“Despite its usefulness in research and surveillance studies, the ACE score is a relatively crude measure of cumulative childhood stress exposure that could vary widely from person to person, unlike public health screening measures, such as blood pressure, or cholesterol levels,” he said. “…the ACE score is not a standardized measure of childhood exposure to the biology of stress.” (To see responses to Anda’s commentary, see this article.)
During the question and answer period, one attendee asked how Boyd would suggest operationalizing ACEs screening, given that the “horse is out of the barn” about it. Boyd replied by talking about informed consent and informed refusal.
“Consider talking to people about the data before they share their information,” she said. “Tell them to be mindful that your responses won’t be linked to you but will be part of a larger collection of data in our state.”
But the answers could potentially have consequences in the doctor’s office. People also should be told “that what you say on the form has implications. If you check off some of these boxes, we are mandated or may feel a responsibility to refer you to child protective services. If you can let people know and they refuse the screener, that’s how clinical care should go.”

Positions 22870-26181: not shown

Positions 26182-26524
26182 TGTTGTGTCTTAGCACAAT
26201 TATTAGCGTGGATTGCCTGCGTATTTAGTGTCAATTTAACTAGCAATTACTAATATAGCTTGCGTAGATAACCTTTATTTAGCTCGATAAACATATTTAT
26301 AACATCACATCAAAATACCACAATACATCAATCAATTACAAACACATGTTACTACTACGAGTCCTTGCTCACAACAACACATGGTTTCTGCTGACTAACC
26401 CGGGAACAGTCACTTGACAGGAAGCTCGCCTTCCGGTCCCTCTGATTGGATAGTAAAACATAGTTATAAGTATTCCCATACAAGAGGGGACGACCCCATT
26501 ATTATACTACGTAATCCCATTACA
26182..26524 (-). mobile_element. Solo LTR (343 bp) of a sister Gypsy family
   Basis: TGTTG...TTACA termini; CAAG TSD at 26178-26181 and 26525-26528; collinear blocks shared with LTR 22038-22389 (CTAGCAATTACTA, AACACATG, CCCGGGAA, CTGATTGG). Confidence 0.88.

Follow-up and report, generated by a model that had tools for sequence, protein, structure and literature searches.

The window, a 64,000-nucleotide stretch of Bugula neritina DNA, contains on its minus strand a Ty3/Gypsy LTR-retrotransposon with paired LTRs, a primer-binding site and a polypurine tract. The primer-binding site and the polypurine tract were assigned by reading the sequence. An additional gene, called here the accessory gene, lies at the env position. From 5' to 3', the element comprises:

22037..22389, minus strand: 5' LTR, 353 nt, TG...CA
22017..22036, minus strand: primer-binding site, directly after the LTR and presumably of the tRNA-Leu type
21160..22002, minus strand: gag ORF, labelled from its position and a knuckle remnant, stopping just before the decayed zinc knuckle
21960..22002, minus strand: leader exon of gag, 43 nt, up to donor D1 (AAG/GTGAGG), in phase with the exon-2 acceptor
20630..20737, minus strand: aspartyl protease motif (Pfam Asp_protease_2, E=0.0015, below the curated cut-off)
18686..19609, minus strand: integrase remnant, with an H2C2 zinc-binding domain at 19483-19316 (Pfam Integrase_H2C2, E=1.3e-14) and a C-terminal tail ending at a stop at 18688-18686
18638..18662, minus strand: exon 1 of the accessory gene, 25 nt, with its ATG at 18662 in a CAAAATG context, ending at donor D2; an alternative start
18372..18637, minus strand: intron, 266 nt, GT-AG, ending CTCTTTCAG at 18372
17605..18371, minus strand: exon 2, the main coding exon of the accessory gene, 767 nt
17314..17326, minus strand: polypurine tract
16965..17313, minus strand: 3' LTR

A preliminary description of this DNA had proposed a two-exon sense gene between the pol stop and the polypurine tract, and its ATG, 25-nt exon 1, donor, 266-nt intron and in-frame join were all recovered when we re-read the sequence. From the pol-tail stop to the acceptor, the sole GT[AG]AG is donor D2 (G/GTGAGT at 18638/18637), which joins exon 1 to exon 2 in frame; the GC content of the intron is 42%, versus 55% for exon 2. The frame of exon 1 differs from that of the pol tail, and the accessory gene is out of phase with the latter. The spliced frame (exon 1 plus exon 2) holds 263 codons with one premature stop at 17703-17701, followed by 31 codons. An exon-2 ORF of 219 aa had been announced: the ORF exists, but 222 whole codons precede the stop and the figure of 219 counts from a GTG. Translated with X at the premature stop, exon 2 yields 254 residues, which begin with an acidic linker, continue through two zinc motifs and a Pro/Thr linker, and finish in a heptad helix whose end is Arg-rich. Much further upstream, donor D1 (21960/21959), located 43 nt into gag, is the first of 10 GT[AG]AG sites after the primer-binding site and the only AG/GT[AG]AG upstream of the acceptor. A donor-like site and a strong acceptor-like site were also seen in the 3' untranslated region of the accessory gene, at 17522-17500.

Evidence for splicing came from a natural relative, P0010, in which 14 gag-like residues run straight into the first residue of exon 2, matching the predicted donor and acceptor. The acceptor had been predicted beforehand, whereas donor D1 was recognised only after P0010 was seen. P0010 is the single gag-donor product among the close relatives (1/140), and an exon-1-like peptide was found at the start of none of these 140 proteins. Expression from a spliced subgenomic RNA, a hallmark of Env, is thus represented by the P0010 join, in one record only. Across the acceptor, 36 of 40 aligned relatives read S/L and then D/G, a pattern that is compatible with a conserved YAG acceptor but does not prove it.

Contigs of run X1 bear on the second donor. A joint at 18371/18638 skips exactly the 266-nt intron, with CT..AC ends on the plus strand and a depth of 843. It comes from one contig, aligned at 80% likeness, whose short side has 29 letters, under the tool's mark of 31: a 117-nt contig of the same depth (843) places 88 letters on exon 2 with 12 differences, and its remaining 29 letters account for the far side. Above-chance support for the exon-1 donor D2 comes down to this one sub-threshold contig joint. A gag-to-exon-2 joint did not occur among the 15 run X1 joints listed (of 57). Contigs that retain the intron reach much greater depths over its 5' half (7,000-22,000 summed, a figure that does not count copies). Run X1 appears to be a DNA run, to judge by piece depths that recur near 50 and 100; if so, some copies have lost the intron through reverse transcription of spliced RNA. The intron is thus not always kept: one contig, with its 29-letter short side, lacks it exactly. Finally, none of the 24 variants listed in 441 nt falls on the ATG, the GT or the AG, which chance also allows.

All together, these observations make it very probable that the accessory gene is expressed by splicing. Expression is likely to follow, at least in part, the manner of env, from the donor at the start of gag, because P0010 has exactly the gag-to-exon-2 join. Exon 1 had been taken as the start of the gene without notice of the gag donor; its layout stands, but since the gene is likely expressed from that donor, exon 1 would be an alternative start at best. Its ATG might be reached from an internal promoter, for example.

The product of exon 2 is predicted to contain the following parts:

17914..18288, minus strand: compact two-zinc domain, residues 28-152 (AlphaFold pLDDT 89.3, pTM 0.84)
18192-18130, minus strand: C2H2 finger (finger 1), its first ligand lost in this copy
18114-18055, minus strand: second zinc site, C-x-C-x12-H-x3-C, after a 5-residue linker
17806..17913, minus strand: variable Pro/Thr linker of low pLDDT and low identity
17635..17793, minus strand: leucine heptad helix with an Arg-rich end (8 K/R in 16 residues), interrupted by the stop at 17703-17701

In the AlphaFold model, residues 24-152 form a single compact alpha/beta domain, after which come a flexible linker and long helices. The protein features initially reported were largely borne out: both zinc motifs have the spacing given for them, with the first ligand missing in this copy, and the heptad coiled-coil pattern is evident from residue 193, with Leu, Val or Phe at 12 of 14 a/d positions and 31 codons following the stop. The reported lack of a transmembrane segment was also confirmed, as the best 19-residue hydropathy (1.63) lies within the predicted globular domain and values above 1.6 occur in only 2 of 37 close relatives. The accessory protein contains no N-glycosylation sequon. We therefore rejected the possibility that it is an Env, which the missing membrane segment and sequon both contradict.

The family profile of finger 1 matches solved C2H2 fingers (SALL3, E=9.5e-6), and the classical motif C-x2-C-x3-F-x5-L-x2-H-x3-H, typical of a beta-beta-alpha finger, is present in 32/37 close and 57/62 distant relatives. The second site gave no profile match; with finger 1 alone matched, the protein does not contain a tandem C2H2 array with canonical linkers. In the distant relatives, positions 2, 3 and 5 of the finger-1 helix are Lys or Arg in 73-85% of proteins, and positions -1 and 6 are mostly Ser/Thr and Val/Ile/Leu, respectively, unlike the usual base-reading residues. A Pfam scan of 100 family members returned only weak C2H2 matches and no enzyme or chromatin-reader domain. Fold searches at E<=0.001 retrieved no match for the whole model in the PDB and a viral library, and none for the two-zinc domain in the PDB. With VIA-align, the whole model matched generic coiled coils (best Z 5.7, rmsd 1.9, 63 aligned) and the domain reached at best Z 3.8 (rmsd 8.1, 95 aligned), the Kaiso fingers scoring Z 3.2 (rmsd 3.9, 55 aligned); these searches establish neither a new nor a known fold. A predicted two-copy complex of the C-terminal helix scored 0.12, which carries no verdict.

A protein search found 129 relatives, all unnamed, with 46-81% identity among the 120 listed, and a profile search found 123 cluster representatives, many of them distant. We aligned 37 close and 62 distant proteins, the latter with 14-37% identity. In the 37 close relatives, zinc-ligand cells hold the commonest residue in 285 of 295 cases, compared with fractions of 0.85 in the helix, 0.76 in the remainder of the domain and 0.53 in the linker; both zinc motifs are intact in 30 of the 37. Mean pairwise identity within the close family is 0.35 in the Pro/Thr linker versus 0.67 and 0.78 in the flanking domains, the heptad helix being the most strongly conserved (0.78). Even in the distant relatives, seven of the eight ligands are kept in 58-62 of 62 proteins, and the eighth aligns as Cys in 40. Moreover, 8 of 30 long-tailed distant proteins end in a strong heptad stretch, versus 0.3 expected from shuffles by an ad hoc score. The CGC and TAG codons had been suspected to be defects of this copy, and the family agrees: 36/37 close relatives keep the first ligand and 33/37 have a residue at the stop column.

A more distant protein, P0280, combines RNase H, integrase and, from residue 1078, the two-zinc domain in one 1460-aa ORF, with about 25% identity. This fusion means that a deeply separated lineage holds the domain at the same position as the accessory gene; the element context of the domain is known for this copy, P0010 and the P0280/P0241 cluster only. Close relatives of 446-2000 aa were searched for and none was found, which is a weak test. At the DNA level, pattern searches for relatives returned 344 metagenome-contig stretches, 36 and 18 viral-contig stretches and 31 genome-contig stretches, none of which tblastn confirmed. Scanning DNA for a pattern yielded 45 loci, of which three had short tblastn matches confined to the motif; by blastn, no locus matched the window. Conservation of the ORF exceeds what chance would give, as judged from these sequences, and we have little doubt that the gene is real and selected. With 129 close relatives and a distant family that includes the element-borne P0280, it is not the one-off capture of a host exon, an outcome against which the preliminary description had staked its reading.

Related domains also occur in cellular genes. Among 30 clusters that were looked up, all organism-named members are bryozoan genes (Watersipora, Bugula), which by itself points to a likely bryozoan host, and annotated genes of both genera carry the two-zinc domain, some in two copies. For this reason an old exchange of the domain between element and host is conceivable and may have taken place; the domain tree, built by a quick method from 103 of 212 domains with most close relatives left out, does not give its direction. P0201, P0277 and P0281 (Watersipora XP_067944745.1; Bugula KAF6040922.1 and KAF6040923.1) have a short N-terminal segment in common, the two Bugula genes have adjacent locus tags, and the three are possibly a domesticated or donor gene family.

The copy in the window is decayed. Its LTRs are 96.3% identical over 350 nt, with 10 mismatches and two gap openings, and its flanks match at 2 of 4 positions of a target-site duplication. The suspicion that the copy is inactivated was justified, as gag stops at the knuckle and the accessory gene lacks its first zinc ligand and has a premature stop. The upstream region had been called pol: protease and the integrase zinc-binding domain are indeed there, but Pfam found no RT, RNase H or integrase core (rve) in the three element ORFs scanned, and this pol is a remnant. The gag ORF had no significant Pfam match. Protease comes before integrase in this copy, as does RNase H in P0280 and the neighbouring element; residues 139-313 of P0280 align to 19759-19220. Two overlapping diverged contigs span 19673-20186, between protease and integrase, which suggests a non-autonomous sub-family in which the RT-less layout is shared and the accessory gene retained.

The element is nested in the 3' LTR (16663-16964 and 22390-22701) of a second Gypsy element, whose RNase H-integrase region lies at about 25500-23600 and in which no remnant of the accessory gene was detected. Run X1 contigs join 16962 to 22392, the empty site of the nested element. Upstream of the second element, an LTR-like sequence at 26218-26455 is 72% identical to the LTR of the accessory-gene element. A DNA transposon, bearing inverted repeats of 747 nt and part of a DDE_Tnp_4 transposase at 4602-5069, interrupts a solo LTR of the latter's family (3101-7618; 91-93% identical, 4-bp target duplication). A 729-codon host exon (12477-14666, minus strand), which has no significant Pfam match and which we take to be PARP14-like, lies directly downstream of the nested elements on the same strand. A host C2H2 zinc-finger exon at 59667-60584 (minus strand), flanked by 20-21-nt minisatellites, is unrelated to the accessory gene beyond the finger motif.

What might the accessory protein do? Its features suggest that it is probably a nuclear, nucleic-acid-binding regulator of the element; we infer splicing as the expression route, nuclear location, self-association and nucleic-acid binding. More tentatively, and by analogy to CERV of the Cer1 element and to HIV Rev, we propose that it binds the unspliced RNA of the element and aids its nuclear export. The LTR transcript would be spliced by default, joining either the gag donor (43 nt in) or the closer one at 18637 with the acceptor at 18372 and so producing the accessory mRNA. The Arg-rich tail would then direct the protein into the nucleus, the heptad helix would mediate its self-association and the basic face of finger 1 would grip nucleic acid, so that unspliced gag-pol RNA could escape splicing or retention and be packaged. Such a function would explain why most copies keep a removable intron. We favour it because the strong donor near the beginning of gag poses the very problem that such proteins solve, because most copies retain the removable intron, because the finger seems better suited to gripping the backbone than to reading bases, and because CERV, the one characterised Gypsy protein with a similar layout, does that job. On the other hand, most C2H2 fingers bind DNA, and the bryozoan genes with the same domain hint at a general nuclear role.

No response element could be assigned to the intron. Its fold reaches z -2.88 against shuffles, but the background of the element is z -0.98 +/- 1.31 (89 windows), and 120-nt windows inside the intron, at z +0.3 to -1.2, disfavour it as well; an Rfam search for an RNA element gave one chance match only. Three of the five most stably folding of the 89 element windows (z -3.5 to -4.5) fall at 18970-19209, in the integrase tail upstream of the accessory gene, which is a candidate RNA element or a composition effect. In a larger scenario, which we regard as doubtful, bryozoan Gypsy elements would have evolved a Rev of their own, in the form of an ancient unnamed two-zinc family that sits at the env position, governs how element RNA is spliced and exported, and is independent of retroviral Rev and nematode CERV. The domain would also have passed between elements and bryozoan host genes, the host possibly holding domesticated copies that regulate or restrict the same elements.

Boyd also mentioned that the ACEs Aware Initiative, which is overseeing the rollout of universal ACEs screening in California, and the California ACEs Learning and Quality Improvement Collaborative are offering training to help prepare health care providers to introduce the ACEs questionnaire to patients.
In talking about ACEs screening in California, Boyd said the money that the state is using to pay for the effort might be better spent in addressing some of the economic inequities impacting families of color. She pointed to a program that has been launched in San Francisco and is providing an extra $1,000 monthly during pregnancy to expectant mothers and for the first six months of their baby’s life.
To view the complete webinar, click here.